UH engineer becomes most highly decorated scholar in fluid dynamics

March 13, 2002

HOUSTON, March 13, 2002 - A University of Houston engineering professor has earned the 2002 Fluid Dynamics Award from the American Institute of Aeronautics and Astronautics, an accomplishment that helps establish him as the world's most highly decorated scholar in the field of fluid dynamics.

Fazle Hussain, the Cullen Distinguished Professor of Mechanical Engineering at UH, recently was selected by AIAA to receive the Fluid Dynamics Award for his contributions to the understanding of turbulence. He will receive the award June 25 in St. Louis.

Hussain previously has won all of the other three awards recognized as the most prestigious professional awards in the field of fluid dynamics. Only two other scholars worldwide have received two of the four awards, which are given for outstanding career achievements or original contributions to the field of fluid dynamics. In addition to the AIAA award, Hussain has earned the Freeman Scholar Award from the American Society of Mechanical Engineers (1984), the Fluid Dynamics Prize from the American Physical Society (1998) and the Fluids Engineering Award from the American Society of Mechanical Engineers (2000). Hussain, who directs UH's Institute of Fluid Dynamics and Turbulence, was elected to the National Academy of Engineering in 2001and to the Third World Academy of Sciences in 1997.

Hussain was one of the first to recognize that the organized motion underlying the seemingly random motion of turbulence is the key to understanding turbulence and to controlling turbulent flows for technological benefit. His current research projects include designs for more efficient engines and turbines, aircraft designs that reduce drag and save fuel, and reducing the noise from jet engines. Hussain also is working on a bladeless helicopter, powered by a "manufactured tornado" and capable of vertical ascent and landing.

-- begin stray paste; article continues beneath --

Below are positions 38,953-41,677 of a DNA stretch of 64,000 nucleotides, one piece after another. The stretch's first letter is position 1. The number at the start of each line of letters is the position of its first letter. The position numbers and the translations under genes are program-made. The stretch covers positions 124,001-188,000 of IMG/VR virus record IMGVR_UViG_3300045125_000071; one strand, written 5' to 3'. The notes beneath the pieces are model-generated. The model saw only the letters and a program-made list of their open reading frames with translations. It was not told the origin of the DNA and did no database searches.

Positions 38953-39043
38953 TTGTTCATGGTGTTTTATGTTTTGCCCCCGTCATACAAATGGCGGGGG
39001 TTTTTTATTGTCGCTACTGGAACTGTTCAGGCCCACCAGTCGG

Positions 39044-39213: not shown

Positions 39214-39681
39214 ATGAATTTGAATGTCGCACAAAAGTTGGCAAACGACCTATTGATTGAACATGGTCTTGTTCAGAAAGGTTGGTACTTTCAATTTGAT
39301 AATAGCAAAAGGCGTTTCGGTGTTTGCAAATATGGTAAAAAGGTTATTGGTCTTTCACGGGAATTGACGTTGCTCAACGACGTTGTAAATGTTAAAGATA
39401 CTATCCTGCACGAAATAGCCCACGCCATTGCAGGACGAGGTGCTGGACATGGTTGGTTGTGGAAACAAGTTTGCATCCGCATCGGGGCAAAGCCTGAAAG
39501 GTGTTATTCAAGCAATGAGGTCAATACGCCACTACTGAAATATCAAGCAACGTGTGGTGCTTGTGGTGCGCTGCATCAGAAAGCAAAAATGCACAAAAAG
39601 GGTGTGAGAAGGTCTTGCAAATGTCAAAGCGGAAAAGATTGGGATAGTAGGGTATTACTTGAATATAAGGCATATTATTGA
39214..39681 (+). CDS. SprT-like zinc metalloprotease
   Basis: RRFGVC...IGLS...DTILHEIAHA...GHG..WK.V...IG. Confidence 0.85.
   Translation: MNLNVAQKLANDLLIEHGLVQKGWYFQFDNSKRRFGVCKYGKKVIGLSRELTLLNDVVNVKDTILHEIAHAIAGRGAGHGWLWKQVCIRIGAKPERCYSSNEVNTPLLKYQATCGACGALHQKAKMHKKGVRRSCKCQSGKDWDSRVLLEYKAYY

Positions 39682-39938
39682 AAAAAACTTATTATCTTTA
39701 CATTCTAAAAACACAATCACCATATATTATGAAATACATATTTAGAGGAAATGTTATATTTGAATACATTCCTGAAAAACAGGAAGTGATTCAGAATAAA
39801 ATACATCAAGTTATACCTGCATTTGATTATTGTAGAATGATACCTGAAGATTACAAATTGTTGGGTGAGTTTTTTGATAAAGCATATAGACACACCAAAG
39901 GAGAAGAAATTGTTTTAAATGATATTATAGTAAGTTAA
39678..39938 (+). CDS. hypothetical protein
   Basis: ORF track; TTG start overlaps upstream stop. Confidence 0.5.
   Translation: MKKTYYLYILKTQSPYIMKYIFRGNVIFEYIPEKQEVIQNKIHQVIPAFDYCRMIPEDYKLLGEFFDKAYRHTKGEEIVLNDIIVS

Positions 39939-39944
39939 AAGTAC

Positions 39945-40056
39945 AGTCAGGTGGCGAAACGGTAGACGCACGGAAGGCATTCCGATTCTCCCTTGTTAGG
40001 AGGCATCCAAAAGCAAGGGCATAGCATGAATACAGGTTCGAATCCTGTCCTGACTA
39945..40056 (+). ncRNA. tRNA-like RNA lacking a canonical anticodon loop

-end-
About the University of Houston

The University of Houston, Texas' premier metropolitan research and teaching institution, is home to more than 40 research centers and institutes and sponsors more than 300 partnerships with corporate, civic and governmental entities. UH, the most diverse research university in the country, stands at the forefront of education, research and service with more than 33,000 students. For more information about UH visit the university's 'Newsroom' at www.uh.edu/admin/media/newsroom.

University of Houston

Related Engineering Articles from Brightsurf:

Re-engineering antibodies for COVID-19
Catholic University of America researcher uses 'in silico' analysis to fast-track passive immunity

Next frontier in bacterial engineering
A new technique overcomes a serious hurdle in the field of bacterial design and engineering.

COVID-19 and the role of tissue engineering
Tissue engineering has a unique set of tools and technologies for developing preventive strategies, diagnostics, and treatments that can play an important role during the ongoing COVID-19 pandemic.

Engineering the meniscus
Damage to the meniscus is common, but there remains an unmet need for improved restorative therapies that can overcome poor healing in the avascular regions.

Artificially engineering the intestine
Short bowel syndrome is a debilitating condition with few treatment options, and these treatments have limited efficacy.

Reverse engineering the fireworks of life
An interdisciplinary team of Princeton researchers has successfully reverse engineered the components and sequence of events that lead to microtubule branching.

New method for engineering metabolic pathways
Two approaches provide a faster way to create enzymes and analyze their reactions, leading to the design of more complex molecules.

Engineering for high-speed devices
A research team from the University of Delaware has developed cutting-edge technology for photonics devices that could enable faster communications between phones and computers.

Breakthrough in blood vessel engineering
Growing functional blood vessel networks is no easy task. Previously, other groups have made networks that span millimeters in size.

Next-gen batteries possible with new engineering approach
Dramatically longer-lasting, faster-charging and safer lithium metal batteries may be possible, according to Penn State research, recently published in Nature Energy.

Read More: Engineering News and Engineering Current Events
Brightsurf.com is a participant in the Amazon Services LLC Associates Program, an affiliate advertising program designed to provide a means for sites to earn advertising fees by advertising and linking to Amazon.com.